Headaches in Children

December 2, 2011 by
Filed under: Research, Spinewave Bulletin 

Headaches in Children by Dr Jennifer Barham-Floreani

Just like adults, children can become “out of sorts” and end up with headaches due to knocks or falls, poor diet, a lack of sleep or a lack of water. Interestingly, they are also susceptible to stress particularly when it relates to family matters – one such presentation for stress even in children may be headaches or abdominal migraines.

Headaches are a common problem for adults however they also affect a large number of children. A 2006 study reported that over 3.7 million American children between the ages of 4 and 17 experienced headaches in the previous 12 months (1). A study of Australian children found that only 36.8% of 10-18 year olds had never experienced a headache (2). Headaches are in fact one of the top 5 health problems experienced by children (3).

Should parents worry about their child’s headache?

Any headache in a child should be discussed with a health practitioner. It is possible for headaches in children to be caused by serious underlying conditions, however this is rare and there are generally other highly concerning signs and symptoms such as paralysis, drowsiness or loss of consciousness (3). A new headache that is progressively worsening over days to weeks, or a persistent one-sided headache are cause for concern (3). Most commonly however, childhood headaches are tension-type and migraine, and in 60% of cases they run in the family (1,4). Aside from pain and discomfort, childhood headaches can lead to missed days at school, poor school performance and emotional difficulties (4).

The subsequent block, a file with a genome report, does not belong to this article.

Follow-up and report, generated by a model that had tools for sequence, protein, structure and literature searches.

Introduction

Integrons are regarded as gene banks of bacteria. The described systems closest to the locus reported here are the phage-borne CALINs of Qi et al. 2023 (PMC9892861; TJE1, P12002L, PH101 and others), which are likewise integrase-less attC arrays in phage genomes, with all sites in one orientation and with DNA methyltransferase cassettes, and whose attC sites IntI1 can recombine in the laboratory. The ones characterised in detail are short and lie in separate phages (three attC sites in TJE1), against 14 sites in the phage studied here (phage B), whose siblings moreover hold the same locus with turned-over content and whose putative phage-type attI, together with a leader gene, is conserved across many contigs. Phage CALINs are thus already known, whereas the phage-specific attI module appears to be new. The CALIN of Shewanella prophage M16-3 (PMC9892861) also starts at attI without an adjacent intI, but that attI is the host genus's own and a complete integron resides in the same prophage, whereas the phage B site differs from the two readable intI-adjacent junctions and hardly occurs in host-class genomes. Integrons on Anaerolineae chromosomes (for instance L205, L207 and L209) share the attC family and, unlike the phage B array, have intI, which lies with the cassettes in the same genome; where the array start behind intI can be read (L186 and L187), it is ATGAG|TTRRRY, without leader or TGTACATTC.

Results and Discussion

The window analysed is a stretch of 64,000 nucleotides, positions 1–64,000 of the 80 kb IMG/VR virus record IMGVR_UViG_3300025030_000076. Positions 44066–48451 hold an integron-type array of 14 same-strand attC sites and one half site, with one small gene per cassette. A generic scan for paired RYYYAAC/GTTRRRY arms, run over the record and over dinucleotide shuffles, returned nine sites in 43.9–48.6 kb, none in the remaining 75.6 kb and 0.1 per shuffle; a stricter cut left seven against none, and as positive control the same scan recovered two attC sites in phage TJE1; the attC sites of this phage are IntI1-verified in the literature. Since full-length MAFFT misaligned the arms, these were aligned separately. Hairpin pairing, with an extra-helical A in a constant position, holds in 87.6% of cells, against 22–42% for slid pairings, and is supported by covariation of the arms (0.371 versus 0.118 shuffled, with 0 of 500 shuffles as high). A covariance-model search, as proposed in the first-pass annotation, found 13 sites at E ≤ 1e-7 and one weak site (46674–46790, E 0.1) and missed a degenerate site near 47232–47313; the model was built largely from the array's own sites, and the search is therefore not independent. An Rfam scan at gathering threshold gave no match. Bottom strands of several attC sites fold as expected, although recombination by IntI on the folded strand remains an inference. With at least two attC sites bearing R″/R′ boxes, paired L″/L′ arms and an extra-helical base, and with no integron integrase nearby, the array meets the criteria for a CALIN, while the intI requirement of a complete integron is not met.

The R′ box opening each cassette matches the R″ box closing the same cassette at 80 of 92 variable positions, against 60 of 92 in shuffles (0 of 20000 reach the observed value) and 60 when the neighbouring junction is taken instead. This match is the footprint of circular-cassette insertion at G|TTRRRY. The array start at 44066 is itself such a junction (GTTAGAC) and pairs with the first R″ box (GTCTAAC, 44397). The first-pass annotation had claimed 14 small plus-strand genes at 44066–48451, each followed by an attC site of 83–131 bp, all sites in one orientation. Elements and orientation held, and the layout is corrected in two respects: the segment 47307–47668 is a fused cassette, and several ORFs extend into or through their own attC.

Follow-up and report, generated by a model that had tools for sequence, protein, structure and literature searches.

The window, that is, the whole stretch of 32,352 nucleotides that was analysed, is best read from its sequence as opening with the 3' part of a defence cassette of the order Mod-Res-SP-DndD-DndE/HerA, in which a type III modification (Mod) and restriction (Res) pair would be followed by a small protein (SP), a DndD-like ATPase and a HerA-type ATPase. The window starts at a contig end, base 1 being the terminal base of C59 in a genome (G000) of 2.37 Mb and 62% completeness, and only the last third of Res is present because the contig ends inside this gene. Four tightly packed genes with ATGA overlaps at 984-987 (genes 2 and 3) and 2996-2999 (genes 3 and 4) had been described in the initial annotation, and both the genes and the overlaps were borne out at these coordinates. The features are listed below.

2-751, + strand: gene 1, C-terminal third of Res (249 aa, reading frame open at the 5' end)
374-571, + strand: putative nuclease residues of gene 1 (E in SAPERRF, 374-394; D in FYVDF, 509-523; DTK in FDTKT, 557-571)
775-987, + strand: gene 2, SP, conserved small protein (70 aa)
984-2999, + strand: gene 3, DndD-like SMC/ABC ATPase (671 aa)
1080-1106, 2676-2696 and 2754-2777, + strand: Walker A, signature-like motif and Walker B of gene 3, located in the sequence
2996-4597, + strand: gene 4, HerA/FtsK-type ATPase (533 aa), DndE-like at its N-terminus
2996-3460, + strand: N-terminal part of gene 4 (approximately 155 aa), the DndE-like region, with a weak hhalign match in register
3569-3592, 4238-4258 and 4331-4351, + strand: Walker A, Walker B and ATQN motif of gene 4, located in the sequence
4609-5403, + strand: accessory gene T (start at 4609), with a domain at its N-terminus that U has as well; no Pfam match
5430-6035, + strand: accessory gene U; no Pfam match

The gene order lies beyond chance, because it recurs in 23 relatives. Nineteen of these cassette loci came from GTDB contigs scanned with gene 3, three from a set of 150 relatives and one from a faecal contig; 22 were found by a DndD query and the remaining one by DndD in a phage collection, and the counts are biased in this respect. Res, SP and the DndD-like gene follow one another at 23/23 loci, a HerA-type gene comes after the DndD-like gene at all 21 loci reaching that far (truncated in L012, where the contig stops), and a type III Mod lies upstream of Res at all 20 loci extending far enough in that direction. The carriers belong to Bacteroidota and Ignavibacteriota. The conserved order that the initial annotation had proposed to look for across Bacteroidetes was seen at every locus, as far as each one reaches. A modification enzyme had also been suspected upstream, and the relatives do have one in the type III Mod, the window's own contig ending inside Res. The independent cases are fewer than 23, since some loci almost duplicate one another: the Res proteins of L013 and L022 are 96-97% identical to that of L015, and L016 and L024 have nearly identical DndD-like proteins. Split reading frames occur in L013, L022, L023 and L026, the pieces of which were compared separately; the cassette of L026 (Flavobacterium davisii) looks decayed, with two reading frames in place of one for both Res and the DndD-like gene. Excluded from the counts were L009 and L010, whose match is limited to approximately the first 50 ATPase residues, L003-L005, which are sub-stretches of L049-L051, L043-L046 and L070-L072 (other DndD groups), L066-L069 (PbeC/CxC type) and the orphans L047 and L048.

What symptoms do children with migraine or tension headaches experience?

Children that are too young to verbalise their pain may instead grab or hold their face, hit their head against the floor, show sensitivity to light or be disinterested in food (5). Infants may display ineffective latching, grimacing or positional discomfort when feeding from the breast or a bottle (5).

Parents who are aware that their child suffers from migraine can sometimes predict when a migraine is about to start. Their child may become lethargic, have mood changes, yawn excessively, crave food or become thirsty, or turn pale with dark circles under the eyes (4). Migraine does not always involve headache but can instead manifest as episodes of abdominal pain, cyclical vomiting or dizziness, and children with migraine often seek refuge in a quiet and darkened bedroom (4). Tension-type headaches tend to occur frequently (daily or several times per week), can be associated with stress at home or at school and are more common in anxious or highly emotional children (1).

What are potential causes of childhood headaches?

Headaches can be due to a number of environmental factors and may also have genetic links. A significant finding in a chiropractic study of thirteen cases found that birth trauma and assisted birth (forceps, ventouse extraction or caesarean) were associated with each case of headache (5). In this study all children demonstrated significant dysfunction of the upper neck joints and musculature.

Click HERE to read the importance of the child’s upper neck.